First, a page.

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and is characterized by symptoms such as dysuria, frequency, urgency, and suprapubic tenderness. The presence of the lower UTI symptoms does not exclude the upper UTI which is often present in most UTI cases (Sobel and Kaye, 2010). The treatment of UTI can be classified into uncomplicated and complicated on the basis of their choice of treatment (Sabra and Abdel-Fattah, 2012). Urinary Tract Infection is more common in females than in males as female urethra structurally found less effective for preventing the bacterial entry (Warren et al., 1999). It may be due to the proximity of the genital tract and urethra and adherence of urothelial mucosa to the mucopolysaccharide lining (Schaeffer et al., 2001: Akortha and Ibadin, 2008). The other main factors which make females more prone to UTI are pregnancy and sexual activity (Arul et al., 2012). In pregnancy, the physiological increase in plasma volume and decrease in urine concentration develop glycosuria in up to 70% women which ultimately leads to bacterial growth in urine (Lucas and Cunningham 1993). Sexual activity in females also increases the risk of urethra contamination as the bacteria could be pushed into the urethra during sexual intercourse as well as bacteria being massaged up the urethra into the bladder during child birth (Ebie et al., 2001: Kolawole et al.,2009).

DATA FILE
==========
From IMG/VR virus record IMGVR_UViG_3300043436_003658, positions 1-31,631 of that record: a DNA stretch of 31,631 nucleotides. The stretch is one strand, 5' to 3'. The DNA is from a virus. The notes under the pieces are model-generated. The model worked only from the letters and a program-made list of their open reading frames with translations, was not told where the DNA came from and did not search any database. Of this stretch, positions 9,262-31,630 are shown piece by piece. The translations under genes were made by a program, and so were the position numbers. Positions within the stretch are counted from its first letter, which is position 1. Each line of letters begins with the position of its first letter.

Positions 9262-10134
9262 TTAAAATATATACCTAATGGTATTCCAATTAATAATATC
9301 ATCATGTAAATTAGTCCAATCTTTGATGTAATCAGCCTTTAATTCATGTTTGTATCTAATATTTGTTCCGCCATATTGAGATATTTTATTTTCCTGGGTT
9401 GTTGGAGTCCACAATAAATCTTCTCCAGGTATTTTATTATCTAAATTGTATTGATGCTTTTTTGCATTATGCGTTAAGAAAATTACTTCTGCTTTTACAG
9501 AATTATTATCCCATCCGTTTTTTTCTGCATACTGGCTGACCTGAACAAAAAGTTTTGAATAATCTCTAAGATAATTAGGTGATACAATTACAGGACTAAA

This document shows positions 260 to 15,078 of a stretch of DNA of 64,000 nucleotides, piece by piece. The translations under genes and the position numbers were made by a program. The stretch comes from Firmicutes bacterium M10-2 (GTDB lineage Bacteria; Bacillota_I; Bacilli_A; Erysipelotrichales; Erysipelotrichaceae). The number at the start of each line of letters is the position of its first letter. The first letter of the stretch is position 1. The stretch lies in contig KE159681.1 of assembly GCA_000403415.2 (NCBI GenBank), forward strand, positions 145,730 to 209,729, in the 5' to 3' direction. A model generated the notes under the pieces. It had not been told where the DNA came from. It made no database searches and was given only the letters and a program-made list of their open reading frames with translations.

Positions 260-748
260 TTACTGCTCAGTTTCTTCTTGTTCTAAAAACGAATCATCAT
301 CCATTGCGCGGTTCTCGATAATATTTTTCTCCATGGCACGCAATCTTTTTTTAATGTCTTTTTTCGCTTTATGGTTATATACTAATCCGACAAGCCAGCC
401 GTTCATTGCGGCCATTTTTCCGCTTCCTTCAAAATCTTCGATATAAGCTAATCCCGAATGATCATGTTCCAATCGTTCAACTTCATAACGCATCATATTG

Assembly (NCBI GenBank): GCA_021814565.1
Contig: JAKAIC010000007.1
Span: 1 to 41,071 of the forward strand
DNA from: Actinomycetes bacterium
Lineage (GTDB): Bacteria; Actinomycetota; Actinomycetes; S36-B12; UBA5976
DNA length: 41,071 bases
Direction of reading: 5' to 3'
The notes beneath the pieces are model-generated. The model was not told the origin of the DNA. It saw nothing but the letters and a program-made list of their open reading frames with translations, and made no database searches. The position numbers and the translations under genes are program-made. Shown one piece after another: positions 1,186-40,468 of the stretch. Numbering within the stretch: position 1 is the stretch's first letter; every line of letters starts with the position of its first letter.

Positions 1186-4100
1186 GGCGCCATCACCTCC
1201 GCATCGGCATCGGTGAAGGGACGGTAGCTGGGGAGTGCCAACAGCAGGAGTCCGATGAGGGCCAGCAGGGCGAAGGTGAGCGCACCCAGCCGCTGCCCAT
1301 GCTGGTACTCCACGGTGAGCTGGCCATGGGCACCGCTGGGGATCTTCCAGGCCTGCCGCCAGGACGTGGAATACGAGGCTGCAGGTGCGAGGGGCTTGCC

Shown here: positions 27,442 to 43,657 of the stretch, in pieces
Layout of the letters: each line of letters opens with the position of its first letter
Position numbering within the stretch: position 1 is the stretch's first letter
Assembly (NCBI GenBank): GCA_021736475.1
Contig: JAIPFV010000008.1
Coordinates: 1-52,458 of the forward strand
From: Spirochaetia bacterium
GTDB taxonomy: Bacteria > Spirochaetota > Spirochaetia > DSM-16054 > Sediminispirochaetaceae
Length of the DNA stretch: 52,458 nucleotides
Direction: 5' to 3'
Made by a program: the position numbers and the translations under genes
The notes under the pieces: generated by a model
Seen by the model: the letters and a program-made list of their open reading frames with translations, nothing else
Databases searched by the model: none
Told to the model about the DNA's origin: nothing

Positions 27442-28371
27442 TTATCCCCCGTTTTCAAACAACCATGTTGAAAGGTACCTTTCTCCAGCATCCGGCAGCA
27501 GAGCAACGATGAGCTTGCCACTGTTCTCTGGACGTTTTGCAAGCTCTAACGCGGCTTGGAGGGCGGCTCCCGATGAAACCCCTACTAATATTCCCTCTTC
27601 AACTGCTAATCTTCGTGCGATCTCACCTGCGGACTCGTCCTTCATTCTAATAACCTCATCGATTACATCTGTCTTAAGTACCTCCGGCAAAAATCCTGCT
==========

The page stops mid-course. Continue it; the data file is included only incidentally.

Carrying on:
The resulting disease conditions from UTI include cystitis and pyelonephritis which is known to be non-age discriminatory as it affects both older persons and infants. Moreover, pyuria as evidenced by the inflammation of the genitourinary tract is common in subjects with asymptomatic bacteriuria (Nicolle et al., 2005). Asymptomatic UTI in particular has been associated with an increased risk of developing pyelonephritis, maternal and infant morbidity, pre-term labour and low birth weight (Oyagade et al., 2004). Urinary tract infections of both bacterial and parasitic origins had been associated with high incidence of squamous cell carcinoma of the bladder and the cervix (Schwartz, 1984); Escherichia coli and Schistosoma spp.

 

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are the most widely reported UTI-caused by bacteria and parasite respectively (Ariyo et al.,2004).